Senator Jon Tester (D-MT) will chair a field meeting of the U.S. Senate Homeland Security and Governmental Affairs Committee in Havre, MT this Friday.
The field hearing, titled “Protecting our Northern Border: Enhancing Collaboration and Building Local Partnerships,” “seeks to identify some of the challenges confronting that task, including overlapping jurisdictions of government agencies that could impede our efforts and potentially create critical gaps in security along the border” and highlight ways to foster private-private partnerships to enhance cross-border trade and security.
While the Canada-Montana border region may not grab headlines, it’s a critical border-area that has received increased attention following troubling border security findings in a 2011 GAO report. From Anthony Kimery’s 2011 report at HSToday.com:
Despite the panoply of intelligence sharing and inter-agency cooperation reforms that were implemented following the 9/11 attack, GAO concluded that the pre-9/11problems that required these reforms continue to exist along the roughly 4,000 miles of the US’s border with Canada, and that as a result, they pose a serious gap in the nation’s Northern border defenses.
“This is very important – the Northern border is a very different environment with a very different set of problems than what we have on the Southern border,” Homeland Security Today was told by a government official intimately familiar with the GAO’s investigation.
In the report of its audit of Northern border security efforts, Enhanced DHS Oversight and Assessment of Interagency Coordination is Needed for the Northern Border, Congress’ investigative arm stated that the Department of Homeland Security (DHS) believes the terrorist threat on the Northern border is “higher” because of the large expanse of area with limited law enforcement coverage.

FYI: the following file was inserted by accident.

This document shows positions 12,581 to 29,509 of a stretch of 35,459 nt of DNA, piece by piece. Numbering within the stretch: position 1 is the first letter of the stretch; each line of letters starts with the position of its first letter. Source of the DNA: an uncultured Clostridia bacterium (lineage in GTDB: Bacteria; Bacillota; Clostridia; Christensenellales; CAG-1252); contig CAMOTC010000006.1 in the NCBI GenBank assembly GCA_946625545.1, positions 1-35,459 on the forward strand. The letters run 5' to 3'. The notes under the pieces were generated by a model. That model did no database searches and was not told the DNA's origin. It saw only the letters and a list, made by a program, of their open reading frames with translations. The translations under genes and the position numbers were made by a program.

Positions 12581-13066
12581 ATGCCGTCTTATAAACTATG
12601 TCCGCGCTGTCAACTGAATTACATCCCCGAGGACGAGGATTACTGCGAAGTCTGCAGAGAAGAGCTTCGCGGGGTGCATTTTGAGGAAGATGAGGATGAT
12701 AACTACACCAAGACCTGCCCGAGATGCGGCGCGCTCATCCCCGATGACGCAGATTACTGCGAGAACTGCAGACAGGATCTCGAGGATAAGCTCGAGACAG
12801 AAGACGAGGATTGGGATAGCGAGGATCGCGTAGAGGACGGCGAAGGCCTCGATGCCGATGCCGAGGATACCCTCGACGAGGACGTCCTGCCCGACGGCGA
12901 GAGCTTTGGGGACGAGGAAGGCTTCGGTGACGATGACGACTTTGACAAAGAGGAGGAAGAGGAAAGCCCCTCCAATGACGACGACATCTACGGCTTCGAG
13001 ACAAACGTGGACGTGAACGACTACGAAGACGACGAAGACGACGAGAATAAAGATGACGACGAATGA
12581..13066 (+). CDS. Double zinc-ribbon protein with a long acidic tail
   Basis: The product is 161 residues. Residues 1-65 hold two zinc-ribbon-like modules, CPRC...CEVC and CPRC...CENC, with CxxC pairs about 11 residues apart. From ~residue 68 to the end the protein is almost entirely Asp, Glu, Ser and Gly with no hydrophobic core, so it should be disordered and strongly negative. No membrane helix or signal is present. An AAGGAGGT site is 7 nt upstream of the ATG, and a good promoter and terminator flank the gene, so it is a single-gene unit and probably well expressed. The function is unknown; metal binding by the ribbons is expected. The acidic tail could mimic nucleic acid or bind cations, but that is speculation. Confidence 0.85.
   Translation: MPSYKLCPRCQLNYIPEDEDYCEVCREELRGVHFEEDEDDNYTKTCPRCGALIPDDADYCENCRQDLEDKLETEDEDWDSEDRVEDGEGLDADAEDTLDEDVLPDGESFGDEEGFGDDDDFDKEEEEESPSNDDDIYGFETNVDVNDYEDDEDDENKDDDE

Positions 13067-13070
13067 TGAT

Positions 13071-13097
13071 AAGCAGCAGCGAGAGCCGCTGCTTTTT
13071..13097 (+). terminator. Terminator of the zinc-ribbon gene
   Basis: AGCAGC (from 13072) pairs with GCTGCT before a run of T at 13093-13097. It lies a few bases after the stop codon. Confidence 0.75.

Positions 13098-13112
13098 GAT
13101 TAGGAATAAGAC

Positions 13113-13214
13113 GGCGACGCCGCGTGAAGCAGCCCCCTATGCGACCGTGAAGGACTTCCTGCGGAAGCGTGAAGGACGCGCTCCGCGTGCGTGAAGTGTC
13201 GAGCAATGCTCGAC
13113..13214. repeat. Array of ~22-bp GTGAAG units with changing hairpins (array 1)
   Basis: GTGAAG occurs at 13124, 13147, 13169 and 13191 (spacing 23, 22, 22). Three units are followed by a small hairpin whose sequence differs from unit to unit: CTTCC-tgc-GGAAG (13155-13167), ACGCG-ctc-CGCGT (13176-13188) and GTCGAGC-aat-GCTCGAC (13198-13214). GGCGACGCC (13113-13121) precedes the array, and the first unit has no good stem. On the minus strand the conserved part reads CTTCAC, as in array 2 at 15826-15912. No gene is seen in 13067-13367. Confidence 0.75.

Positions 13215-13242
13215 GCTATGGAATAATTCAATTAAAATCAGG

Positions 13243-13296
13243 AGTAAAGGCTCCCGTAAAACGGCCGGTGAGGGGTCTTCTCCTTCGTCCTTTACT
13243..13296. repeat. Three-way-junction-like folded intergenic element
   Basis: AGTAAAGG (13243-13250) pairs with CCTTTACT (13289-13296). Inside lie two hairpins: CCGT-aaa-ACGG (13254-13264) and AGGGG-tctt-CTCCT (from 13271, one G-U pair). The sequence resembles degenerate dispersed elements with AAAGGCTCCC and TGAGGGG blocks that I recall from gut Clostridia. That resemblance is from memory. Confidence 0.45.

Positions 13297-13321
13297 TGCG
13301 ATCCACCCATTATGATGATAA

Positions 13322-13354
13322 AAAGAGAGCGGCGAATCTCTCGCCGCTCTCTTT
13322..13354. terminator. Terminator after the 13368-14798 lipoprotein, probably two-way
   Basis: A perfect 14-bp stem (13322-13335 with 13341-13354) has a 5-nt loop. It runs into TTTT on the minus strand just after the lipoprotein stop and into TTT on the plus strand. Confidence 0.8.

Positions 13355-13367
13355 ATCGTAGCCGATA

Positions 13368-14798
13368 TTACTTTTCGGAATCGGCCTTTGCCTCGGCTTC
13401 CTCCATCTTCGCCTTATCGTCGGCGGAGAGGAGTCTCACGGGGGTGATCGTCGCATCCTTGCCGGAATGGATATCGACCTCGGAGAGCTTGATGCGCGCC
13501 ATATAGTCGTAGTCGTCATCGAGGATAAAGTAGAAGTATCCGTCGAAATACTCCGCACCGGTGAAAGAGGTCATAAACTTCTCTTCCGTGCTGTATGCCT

The official familiar with the GAO’s audit of Northern border security who talked to Homeland Security Today on background agreed. He said unlike the Southern border, there are much larger areas of the US/Canadian border that have little or no effective monitoring and surveillance.
Learn more about the hearing below or here:
The hearing, titled “Protecting Our Northern Border: Enhancing Collaboration and Building Local Partnerships,” will feature two panels to discuss how federal, state and local officials can better work together with community, business and tribal leaders to strengthen security and promote trade along Montana’s 545-mile border with Canada.
- Don Bostrom, Hill County Sheriff
- Nathan Burr, Border Patrol, Havre Sector Vice President, National Border Patrol Council
- Kumar Kibble, Immigrations and Customs Enforcement, Special Agent in Charge
- Christopher Richards, Border Patrol, Havre Sector Chief
More panelists are likely to attend the hearing, which is free and open to the public.